Years ago, in the far east (where the Art of Bonsai was born), ancient philosophies required a budding Bonsai Master to seek out their own bonsai in nature (also known as a “quest of self”).
These days, it’s much easier for the beginning (and yes, even the experienced) bonsai enthusiast to acquire their starter bonsai stock from an established grower or importer of established bonsai trees.
With a little patience (and access to a decent wooded area), it’s very possible and relatively simple to produce your own bonsai straight from mother nature.
A man who lives in New York City routinely produces his own Bonsai from Cuttings and Seedlings he acquires in Central Park – Further proving you can spend as much or as little as you want on your Bonsai stock and still produce great trees!
To many dedicated bonsai enthusiasts, it would be inconceivable that a true Bonsai could be created in the same way that one would create a common vegetable (i.e. grown in an artificial setting).
In Japanese, this quest for a Bonsai tree is known as “Yamadori”.
One of the advantages to obtaining your bonsai in this “traditional” way is that it allows you to choose the shape of the specimen you want, and obtain a tree that may very well be several years if not decades old.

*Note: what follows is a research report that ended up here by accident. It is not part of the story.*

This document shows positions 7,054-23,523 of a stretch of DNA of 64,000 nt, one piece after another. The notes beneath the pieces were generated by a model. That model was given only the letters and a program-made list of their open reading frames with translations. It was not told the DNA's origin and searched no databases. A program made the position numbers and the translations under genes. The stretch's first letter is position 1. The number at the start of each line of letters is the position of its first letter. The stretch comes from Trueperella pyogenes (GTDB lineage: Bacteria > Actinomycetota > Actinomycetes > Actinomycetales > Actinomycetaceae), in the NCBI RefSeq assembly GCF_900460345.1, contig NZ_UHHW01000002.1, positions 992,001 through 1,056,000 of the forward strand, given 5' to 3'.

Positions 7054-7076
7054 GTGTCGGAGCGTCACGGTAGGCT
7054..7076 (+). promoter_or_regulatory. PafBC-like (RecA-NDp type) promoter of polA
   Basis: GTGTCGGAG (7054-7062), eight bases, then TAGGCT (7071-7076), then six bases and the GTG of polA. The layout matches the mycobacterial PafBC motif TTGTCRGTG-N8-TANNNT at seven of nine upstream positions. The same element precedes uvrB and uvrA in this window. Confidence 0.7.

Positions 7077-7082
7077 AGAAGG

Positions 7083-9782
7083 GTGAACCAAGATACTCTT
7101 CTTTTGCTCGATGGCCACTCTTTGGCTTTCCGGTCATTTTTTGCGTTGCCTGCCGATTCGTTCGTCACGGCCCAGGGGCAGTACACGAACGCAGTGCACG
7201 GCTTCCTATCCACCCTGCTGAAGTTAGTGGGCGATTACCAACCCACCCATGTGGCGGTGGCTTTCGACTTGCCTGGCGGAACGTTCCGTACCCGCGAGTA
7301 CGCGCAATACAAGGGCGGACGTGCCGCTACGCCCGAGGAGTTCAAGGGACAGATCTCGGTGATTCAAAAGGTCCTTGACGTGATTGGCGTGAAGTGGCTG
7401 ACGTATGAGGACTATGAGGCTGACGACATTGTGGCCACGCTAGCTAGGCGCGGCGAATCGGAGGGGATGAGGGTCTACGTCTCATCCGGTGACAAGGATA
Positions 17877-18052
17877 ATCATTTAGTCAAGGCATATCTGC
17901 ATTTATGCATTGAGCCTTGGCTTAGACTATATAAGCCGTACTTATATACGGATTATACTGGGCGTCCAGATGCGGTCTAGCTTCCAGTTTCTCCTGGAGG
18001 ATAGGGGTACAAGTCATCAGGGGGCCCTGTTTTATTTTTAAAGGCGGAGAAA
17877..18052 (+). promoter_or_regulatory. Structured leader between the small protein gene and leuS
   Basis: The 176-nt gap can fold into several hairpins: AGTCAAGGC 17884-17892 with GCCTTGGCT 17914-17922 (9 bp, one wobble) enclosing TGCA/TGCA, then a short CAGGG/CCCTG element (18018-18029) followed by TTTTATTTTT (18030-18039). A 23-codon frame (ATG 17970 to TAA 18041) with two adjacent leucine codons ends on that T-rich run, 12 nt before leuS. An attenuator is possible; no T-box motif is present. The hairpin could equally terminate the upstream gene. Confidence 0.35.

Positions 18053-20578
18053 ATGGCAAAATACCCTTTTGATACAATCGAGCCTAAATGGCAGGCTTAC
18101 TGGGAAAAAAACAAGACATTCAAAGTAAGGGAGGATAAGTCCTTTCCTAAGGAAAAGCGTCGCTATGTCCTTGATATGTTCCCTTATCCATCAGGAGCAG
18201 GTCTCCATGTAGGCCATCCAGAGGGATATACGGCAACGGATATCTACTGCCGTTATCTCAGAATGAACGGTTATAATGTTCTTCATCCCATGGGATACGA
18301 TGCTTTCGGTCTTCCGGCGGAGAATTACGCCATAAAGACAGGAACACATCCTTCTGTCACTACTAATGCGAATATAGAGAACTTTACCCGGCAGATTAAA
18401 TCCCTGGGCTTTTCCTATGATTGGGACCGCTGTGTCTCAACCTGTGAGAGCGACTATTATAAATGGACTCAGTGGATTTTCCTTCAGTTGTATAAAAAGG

It is difficult to find a tree which will (or does) conform to established Bonsai styles and much more difficult to correct the “defects” that can be inherent in trees already established in nature, compared to grooming and shaping a young tree from seeds or cuttings.
However, the great amount of satisfaction you get from finding a specimen suitable for Bonsai in nature (in my humble opinion) completely outweighs the drawbacks.
In fact, once you’ve been doing this for awhile, you’ll find yourself constantly scanning the ground around forested areas looking for your next “Yamadori Shitate”. Just be always aware of legal restrictions that may exist in these areas.
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